I live in karst country. Karst is limestone bedrock that has pockets
and perforations caused by water containing carbon dioxide, which is
acidic, gradually dissolving the limestone and forming caves.
Marble is basically limestone. The same process that nature uses to
create caves works on your countertops, too - an acidic liquid working
on the limestone, first etching it, then eating pockets and gaps.
For that reason, marble is not a good material to use as an
all-purpose work surface.
I'm surprised the installer or supplier didn't try to gently persuade
you to consider another material for kitchen countertops. They had to
have known that it wouldn't be suitable for the kitchen. Or was this a
SWMBO and I recently took a hike through a gorge in a state park.
Because of the drought, we were able to walk in the gorge itself
instead of on the "Gorge Trail" that ran next it. We walked "in" in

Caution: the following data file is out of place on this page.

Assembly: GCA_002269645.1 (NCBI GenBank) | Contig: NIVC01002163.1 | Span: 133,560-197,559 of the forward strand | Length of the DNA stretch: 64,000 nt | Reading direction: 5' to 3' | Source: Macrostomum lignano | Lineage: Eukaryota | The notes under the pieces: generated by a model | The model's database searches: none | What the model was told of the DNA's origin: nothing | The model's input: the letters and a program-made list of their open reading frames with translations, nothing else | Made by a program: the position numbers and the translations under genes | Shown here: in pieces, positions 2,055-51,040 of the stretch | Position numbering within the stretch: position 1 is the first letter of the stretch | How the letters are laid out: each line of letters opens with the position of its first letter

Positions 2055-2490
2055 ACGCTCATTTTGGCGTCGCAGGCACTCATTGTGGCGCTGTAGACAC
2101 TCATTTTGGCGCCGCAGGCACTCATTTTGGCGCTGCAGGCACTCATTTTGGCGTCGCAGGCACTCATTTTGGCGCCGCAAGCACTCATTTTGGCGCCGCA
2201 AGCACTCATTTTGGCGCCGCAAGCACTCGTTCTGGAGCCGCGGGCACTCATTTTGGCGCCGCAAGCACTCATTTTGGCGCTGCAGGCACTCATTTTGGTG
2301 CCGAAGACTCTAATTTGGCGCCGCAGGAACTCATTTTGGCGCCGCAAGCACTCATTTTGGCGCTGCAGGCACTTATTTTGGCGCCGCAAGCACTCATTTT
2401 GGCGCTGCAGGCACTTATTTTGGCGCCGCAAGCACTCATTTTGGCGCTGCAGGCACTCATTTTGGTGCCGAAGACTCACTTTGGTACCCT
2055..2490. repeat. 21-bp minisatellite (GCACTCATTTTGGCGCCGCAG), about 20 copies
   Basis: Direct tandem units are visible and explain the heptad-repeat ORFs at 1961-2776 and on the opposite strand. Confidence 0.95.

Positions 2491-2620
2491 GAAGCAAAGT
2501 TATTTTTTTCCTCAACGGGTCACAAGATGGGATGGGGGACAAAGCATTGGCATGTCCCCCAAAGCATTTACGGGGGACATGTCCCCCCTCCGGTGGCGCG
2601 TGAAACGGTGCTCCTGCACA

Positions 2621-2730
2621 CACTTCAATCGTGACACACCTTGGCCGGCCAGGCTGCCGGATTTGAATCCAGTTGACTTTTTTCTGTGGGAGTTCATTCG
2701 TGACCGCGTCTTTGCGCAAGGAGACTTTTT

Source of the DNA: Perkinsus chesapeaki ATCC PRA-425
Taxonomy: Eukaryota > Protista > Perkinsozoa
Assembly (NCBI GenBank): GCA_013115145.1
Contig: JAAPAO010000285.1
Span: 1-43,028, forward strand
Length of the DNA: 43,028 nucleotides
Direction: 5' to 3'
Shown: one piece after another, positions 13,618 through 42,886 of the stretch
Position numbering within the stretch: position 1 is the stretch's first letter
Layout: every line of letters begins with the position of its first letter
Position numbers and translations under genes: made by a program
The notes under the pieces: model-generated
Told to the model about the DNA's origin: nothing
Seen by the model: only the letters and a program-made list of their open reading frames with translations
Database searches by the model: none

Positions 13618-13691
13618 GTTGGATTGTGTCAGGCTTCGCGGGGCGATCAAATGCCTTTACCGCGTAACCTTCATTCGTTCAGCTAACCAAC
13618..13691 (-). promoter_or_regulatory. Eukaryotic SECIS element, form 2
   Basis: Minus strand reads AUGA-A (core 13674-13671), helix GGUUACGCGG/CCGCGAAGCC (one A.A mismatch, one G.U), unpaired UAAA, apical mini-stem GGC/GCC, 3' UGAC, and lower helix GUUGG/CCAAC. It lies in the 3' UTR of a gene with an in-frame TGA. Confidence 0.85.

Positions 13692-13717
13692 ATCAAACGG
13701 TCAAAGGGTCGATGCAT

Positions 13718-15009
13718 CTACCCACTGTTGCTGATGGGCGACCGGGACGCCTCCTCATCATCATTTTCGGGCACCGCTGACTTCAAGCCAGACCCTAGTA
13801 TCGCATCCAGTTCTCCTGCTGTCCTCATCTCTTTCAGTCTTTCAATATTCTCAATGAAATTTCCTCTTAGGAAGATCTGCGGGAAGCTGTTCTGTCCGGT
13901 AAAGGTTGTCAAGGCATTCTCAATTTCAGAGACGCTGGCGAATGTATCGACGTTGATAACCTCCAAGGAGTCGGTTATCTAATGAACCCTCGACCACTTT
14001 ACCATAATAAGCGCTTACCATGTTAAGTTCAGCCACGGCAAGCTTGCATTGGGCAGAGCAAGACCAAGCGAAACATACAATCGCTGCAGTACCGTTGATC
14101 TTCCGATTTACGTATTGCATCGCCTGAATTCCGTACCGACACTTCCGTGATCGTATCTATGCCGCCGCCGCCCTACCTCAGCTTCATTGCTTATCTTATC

the gorge and "out" on the trail, mainly to get out of the sun.
As we were walking in I noticed the rippled rocks on the bottom of the
gorge and mentioned to SWMBO how amazing it was that the millions of
years of flowing water had formed thousands of these small
As we were walking out I stopped to read one of the information
plaques that had been set up on the gorge trail. It turned out that I
was wrong and that the indentations had been caused by the acidic rain
pooling on the limestone and eating it away.
I would have prefered the cause to be the power of the river wearing
away the rock, but I guess nature has many other ways of wearing
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